You're inventing false claims from thin air.
In the US courts Apple has: been found guilty under antitrust law of ebook price fixing; lost the attempt to establish that Amazon can't call its an 'App Store'; lost an attempt to compel various rumours sites to reveal their sources; been successfully forced by Creative Labs to pay royalties for use of hierarchical menus in iPods; failed to win a patent case againt HTC; failed to win a patent case against Kodak; failed to win a patent case against Motorola.
Apple has ended up settling rather than going to court in the US: with resellers who argued that Apple were illegally driving them out of business; an antitrust case about cold calling employees of competing companies; a class action over the reliability of early MagSafe power adaptors; a class action about price switching, where gift cards couldn't buy the number of songs indicated due to a price change; the trademark case with Cisco about use of the iPhone mark; a class action over iPod battery life.
So Apple has been successfully prosecuted by the US government. It has lost cases started against it by other companies. It has lost cases it started against other companies, it has had to pay out for cases started against it by groups of consumers.
The problem being that phones are very much about user interaction and Linux is just a kernel. So Linux solves the hardware interaction problem but that's all. It'd be more appropriate to say that FirefoxOS or Ubuntu Touch or Sailfish or something else is the smart choice and leave the Linux component implicit. But even then: where are the apps and where are the cosy carrier agreements you need to launch a mass-market phone?
More likely someone doing the typical mediocre developer rubbish of deciding they're so clever that they can learn a framework not by reading the documentation but just by poking around, and then being surprised when all the things that they figured out empirically and all the code that seemed alright when they ran it a few times fails under a different version of the framework because they're relying on a whole bunch of things that were never API guarantees — many of which the documentation probably explicitly offers the correct approach for. But, you know, developers are too clever to need to read things, right?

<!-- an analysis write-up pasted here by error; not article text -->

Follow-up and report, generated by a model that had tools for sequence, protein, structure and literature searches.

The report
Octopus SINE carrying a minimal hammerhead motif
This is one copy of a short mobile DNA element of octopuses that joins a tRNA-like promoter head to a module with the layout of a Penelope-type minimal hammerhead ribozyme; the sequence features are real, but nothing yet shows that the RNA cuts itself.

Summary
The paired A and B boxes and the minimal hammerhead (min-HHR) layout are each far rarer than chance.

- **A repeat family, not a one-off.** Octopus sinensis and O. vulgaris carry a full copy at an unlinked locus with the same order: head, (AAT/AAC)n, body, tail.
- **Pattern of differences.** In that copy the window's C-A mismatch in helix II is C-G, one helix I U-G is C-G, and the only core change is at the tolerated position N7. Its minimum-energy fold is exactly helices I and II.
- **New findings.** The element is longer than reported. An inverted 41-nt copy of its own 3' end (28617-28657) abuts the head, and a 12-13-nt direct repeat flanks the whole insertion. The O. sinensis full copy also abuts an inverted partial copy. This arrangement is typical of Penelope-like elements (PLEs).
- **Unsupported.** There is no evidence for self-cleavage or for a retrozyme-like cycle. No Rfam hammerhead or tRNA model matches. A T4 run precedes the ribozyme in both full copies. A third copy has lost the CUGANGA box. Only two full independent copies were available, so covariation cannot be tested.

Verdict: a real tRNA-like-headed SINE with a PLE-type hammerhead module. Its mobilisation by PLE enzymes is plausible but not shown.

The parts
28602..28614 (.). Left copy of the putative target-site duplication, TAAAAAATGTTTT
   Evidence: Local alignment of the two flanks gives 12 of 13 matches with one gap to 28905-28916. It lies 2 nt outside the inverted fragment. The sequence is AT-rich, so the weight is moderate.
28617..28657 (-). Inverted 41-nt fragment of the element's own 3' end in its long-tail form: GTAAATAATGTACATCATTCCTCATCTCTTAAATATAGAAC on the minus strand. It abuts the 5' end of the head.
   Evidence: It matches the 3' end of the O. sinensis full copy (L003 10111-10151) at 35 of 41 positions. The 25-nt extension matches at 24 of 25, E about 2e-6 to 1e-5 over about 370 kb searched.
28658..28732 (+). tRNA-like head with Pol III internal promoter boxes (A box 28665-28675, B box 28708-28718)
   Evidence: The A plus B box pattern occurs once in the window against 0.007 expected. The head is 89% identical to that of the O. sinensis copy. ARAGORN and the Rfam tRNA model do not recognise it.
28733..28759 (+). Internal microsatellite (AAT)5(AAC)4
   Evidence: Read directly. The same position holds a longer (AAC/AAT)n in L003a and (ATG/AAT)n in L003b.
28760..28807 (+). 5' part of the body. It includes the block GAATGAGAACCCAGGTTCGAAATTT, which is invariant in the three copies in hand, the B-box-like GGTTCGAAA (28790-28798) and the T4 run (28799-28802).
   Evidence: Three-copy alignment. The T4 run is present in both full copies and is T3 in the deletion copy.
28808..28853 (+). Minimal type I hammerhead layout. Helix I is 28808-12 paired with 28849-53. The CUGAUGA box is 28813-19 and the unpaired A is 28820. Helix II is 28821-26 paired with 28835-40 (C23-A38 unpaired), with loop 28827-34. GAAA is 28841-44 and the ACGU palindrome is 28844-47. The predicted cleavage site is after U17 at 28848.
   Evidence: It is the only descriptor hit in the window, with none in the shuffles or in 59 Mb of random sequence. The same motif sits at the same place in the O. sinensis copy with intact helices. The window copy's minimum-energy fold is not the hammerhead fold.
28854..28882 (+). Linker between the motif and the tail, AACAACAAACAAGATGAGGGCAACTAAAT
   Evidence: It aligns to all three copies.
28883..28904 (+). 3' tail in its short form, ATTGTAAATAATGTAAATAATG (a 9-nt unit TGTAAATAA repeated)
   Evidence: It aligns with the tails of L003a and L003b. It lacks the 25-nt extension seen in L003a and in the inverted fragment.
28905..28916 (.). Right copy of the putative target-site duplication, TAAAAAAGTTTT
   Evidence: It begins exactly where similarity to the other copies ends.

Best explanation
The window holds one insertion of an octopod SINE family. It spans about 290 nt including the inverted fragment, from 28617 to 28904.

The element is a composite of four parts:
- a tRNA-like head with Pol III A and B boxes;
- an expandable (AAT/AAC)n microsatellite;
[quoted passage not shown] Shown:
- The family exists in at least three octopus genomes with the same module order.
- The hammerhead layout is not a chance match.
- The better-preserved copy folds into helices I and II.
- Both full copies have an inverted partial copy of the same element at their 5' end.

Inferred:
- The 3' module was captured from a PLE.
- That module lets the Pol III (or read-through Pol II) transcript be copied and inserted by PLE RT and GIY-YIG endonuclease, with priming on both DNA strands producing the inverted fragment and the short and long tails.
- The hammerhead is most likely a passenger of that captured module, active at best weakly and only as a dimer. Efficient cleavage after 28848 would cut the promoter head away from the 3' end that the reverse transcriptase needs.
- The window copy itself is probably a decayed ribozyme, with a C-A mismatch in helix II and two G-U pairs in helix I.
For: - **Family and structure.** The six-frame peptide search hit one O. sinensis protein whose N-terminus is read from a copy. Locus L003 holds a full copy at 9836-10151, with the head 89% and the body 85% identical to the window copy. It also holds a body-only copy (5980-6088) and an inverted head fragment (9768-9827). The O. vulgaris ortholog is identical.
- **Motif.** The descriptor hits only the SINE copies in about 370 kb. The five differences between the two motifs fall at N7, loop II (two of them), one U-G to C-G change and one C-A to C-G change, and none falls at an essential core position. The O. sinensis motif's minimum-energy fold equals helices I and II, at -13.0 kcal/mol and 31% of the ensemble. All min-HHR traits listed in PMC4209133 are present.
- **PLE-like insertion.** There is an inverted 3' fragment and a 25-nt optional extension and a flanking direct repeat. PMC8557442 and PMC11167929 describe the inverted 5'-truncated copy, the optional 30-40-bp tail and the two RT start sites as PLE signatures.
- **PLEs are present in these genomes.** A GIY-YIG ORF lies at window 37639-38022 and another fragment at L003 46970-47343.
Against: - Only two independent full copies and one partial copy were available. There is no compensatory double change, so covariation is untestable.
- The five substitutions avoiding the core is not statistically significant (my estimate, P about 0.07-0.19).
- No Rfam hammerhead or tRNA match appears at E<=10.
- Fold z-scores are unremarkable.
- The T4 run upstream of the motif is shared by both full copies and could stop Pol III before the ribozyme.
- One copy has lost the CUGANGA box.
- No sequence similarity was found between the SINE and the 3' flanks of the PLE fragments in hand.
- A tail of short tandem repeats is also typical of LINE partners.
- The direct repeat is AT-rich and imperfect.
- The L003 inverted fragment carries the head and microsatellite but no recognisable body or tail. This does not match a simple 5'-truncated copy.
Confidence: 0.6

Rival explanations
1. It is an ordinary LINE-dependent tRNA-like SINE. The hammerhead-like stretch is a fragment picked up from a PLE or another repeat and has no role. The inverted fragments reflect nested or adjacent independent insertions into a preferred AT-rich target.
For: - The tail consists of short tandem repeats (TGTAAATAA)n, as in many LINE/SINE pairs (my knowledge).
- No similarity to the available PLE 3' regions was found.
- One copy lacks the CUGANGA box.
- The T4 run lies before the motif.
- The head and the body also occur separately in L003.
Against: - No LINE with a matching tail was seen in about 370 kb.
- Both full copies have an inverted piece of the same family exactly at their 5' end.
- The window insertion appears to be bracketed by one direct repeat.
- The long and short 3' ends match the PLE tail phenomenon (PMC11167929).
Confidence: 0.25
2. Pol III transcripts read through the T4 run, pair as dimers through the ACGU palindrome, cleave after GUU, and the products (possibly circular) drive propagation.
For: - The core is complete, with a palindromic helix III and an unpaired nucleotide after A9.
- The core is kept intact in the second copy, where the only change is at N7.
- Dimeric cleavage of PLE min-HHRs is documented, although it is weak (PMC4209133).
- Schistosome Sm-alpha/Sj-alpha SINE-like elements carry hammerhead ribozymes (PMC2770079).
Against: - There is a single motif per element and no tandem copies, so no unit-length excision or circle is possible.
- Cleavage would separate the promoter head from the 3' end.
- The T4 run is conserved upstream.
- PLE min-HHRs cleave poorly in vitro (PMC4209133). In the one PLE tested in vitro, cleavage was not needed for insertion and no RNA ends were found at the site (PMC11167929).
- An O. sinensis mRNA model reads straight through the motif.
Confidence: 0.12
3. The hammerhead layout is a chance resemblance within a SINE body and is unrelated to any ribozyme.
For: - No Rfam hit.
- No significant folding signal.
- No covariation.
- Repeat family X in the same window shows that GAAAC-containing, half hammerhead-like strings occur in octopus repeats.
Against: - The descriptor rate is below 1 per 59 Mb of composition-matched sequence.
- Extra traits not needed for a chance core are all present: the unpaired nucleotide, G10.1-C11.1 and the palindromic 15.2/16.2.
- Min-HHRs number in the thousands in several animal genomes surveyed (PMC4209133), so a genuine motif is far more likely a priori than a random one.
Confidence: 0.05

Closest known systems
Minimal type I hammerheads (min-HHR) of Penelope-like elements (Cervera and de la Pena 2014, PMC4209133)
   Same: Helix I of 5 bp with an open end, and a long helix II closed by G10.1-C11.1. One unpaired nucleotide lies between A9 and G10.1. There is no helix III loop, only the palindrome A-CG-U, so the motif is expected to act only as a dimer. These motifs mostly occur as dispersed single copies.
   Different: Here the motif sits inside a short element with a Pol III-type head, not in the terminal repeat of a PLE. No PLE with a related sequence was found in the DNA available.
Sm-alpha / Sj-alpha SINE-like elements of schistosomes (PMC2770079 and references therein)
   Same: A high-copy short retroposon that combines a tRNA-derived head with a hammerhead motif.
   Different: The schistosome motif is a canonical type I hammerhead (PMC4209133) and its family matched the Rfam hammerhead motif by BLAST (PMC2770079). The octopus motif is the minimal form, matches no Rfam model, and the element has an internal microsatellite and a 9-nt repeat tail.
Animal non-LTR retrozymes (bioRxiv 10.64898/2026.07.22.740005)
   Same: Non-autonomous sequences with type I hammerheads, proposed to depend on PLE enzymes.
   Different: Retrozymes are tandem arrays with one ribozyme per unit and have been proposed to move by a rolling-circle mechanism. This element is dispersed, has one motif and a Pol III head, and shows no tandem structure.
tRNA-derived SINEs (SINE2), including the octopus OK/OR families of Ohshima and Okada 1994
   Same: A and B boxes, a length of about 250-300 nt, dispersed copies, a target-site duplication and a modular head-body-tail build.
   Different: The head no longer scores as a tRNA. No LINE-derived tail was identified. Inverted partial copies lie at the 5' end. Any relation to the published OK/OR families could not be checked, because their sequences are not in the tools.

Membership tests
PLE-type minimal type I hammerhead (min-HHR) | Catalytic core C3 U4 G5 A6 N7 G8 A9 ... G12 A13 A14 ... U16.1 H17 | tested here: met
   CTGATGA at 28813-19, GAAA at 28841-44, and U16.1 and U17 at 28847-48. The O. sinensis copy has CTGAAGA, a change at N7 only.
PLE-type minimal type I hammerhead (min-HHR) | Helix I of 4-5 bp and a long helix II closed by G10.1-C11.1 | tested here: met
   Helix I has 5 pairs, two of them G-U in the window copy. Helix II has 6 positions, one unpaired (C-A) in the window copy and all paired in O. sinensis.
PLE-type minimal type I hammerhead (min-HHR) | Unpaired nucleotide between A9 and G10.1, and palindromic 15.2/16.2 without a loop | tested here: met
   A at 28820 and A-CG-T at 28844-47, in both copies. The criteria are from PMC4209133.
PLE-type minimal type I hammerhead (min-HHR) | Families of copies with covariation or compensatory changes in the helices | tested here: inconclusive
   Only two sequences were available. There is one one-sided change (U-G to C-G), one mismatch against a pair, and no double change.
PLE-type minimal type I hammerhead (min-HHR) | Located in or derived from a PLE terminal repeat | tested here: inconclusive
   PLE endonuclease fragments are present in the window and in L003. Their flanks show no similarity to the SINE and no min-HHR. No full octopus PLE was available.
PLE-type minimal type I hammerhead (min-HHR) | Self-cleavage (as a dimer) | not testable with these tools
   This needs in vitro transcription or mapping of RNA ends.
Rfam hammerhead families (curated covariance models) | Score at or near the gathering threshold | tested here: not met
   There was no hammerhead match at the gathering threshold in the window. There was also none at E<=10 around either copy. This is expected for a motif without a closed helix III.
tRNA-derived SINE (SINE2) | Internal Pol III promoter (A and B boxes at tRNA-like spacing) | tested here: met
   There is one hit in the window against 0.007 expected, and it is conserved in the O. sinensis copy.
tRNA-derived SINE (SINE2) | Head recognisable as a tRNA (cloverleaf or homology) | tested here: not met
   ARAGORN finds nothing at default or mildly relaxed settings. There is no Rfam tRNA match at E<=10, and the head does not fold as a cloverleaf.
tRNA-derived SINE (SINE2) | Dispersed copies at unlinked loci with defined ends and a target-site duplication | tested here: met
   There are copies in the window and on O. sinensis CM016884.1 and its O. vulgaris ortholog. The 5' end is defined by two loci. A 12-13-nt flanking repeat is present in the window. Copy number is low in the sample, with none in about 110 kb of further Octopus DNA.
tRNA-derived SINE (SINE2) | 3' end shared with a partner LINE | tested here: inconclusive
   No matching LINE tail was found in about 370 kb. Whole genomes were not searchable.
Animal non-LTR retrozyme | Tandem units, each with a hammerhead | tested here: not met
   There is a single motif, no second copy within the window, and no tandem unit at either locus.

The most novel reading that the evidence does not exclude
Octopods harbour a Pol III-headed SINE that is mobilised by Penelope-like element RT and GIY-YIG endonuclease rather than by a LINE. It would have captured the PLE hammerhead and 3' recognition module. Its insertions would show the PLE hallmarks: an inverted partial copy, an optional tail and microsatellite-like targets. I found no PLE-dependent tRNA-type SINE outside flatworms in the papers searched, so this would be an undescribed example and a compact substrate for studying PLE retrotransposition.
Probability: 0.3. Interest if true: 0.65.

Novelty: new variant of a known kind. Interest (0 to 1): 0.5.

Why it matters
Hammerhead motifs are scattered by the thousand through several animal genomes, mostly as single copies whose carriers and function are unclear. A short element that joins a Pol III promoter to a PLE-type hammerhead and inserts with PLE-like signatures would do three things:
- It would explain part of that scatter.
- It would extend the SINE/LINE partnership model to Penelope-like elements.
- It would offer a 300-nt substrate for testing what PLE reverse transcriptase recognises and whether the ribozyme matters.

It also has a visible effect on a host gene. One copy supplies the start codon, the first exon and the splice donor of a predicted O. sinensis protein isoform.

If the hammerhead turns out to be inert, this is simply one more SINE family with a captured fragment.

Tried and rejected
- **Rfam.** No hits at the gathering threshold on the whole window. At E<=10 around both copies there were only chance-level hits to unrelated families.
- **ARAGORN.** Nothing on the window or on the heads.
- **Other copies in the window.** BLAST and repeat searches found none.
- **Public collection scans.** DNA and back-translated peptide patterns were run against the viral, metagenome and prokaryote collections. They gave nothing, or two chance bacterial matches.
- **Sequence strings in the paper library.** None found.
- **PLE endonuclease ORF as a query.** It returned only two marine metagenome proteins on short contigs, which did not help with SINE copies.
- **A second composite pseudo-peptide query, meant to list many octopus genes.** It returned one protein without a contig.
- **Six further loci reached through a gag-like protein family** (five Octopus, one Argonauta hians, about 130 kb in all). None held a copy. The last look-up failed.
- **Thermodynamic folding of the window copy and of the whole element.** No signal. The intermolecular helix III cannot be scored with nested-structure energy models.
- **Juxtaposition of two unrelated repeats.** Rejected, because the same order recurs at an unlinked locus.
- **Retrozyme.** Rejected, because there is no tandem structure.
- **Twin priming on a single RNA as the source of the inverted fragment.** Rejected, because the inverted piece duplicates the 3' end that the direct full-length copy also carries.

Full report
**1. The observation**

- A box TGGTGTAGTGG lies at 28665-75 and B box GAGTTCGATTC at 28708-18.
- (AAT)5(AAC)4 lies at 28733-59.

If anybody here has never worked with such a person then you have my envy.
The original poster is referring to whatever drivers he had installed for an "old but functional graphics tablet" no longer working under the latest OS X. This is exactly a third-party hardware compatibility problem. Apple didn't make that hardware, somebody else did.
The author said, and I quote exactly: "I don't touch the damn thing unless I have to, it applied it's UI 'improvements' and rendered hardware obsolete on it's own."
The administrator's password is required to install all OS updates. Major versions are not pushed automatically, you have to go to the App Store and select to download them, supplying your store login credentials.
The Mac definitely did not install Yosemite "on its own".
It's unclear to me from what I can find online how Android/Badaccents actually works but I think it's safe to assume that the payload is exploiting a security flaw elsewhere in Android or in the specific banking apps, rather than Google having thought it'd be smart to extend bank account details to any installed app that asks.
... and who didn't already purchase it from Google or Microsoft. The macrumors.com gossip (i.e. not deliberately anti-Apple) was that after the cinemas pulled out, Sony wanted it to be an iTunes exclusive and went elsewhere only when Apple (initially) declined involvement.
Only if making a loss was the objective. That all the major chains have declined to show it somewhat limits income — it had a budget of something like $44m and made only $1m in screenings during its opening weekend due to the limited release.
There's also the likely future employment prospects for Amy Pascal et al in the corner of not-such-a-great-set-of-circumstances.
It may be more that fans of a 1984 game are more prone to ask"if this game requires a server, will I still be able to play it in 30 years?"
Apple which has recently ended a half-decade class action re:media player lock-in and is still fighting a case on e-book price fixing, having lost to the government? I'd say the US legal system is doing its due diligence.
That all being said, look to the top. The big Microsoft antitrust suit concluded under Clinton. Then Bush came in and everyone — including Microsoft — got somewhat more of a free hand. Even most of the penalties initially imposed against Microsoft in '98 just sort of quietly vanished on appeal.